Fixed versus adjustable loans

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A fixed-rate loan features a fixed payment for the entire duration of the mortgage. Your property taxes increase, or rarely, decrease, and your insurance rates might vary as well. But generally monthly payments on a fixed-rate mortgage will be very stable.

During the early amortization period of a fixed-rate loan, a large percentage of your payment goes toward interest, and a significantly smaller percentage toward principal. This proportion reverses as the loan ages.

Borrowers can choose a fixed-rate loan in order to lock in a low rate. People choose these types of loans because interest rates are low and they want to lock in at the low rate. For homeowners who have an ARM now, refinancing with a fixed-rate loan can provide more monthly payment stability. If you have an Adjustable Rate Mortgage (ARM) now, we can help you lock in a fixed-rate at a favorable rate. Call TLC Financial Services at 562-818-3502 to discuss how we can help.

Adjustable Rate Mortgages — ARMs, come in a great number of varieties. ARMs usually adjust twice a year, based on various indexes.

Most ARMs feature this cap, which means they can't go up above a specified amount in a given period of time. Your ARM may feature a cap on how much your interest rate can go up in one period. For example: no more than a couple percent a year, even though the index the rate is based on increases by more than two percent. Sometimes an ARM has a "payment cap" that guarantees your payment will not go above a fixed amount over the course of a given year. In addition, the great majority of adjustable programs feature a "lifetime cap" — the interest rate can never go over the cap amount.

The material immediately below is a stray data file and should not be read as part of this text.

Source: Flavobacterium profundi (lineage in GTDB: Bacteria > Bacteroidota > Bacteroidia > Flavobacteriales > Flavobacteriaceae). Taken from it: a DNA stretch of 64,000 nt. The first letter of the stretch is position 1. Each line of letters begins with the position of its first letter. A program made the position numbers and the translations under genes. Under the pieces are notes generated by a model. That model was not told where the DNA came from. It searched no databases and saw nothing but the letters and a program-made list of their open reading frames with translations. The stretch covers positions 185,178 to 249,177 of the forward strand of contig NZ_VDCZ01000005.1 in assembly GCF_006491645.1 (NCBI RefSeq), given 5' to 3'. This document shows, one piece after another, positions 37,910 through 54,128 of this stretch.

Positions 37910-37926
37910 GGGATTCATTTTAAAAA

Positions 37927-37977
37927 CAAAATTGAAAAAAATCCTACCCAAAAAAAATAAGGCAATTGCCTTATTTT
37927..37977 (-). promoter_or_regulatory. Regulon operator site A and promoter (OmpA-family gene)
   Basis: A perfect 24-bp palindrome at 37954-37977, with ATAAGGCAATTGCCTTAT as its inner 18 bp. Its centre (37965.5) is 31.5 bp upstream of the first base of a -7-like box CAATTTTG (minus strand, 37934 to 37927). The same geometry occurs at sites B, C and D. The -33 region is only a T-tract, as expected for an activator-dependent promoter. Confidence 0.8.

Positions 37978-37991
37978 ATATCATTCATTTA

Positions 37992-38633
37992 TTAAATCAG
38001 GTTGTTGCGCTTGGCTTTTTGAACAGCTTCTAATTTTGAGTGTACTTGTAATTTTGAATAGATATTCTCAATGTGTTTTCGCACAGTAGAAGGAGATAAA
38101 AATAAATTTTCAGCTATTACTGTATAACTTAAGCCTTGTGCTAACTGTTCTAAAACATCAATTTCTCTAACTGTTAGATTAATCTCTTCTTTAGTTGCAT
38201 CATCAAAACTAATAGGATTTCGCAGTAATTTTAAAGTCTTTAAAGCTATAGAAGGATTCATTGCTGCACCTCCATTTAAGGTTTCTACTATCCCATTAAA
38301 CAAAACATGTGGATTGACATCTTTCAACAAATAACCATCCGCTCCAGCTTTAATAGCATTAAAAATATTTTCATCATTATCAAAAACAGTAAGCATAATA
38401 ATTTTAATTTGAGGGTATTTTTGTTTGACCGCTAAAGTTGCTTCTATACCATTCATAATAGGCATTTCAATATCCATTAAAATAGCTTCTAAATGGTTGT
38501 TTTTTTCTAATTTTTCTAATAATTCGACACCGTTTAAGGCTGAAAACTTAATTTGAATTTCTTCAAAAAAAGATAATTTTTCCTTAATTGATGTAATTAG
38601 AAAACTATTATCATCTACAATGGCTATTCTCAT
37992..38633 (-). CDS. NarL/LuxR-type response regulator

ARMs most often feature their lowest rates at the start. They provide the lower rate for an initial period that varies greatly. You've probably read about 5/1 or 3/1 ARMs. In these loans, the introductory rate is set for three or five years. After this period it adjusts every year. These loans are fixed for a certain number of years (3 or 5), then they adjust. These loans are usually best for people who expect to move in three or five years. These types of ARMs benefit people who plan to move before the loan adjusts.

Most borrowers who choose ARMs do so when they want to take advantage of lower introductory rates and don't plan to remain in the house longer than this introductory low-rate period. ARMs can be risky if property values decrease and borrowers are unable to sell their home or refinance.

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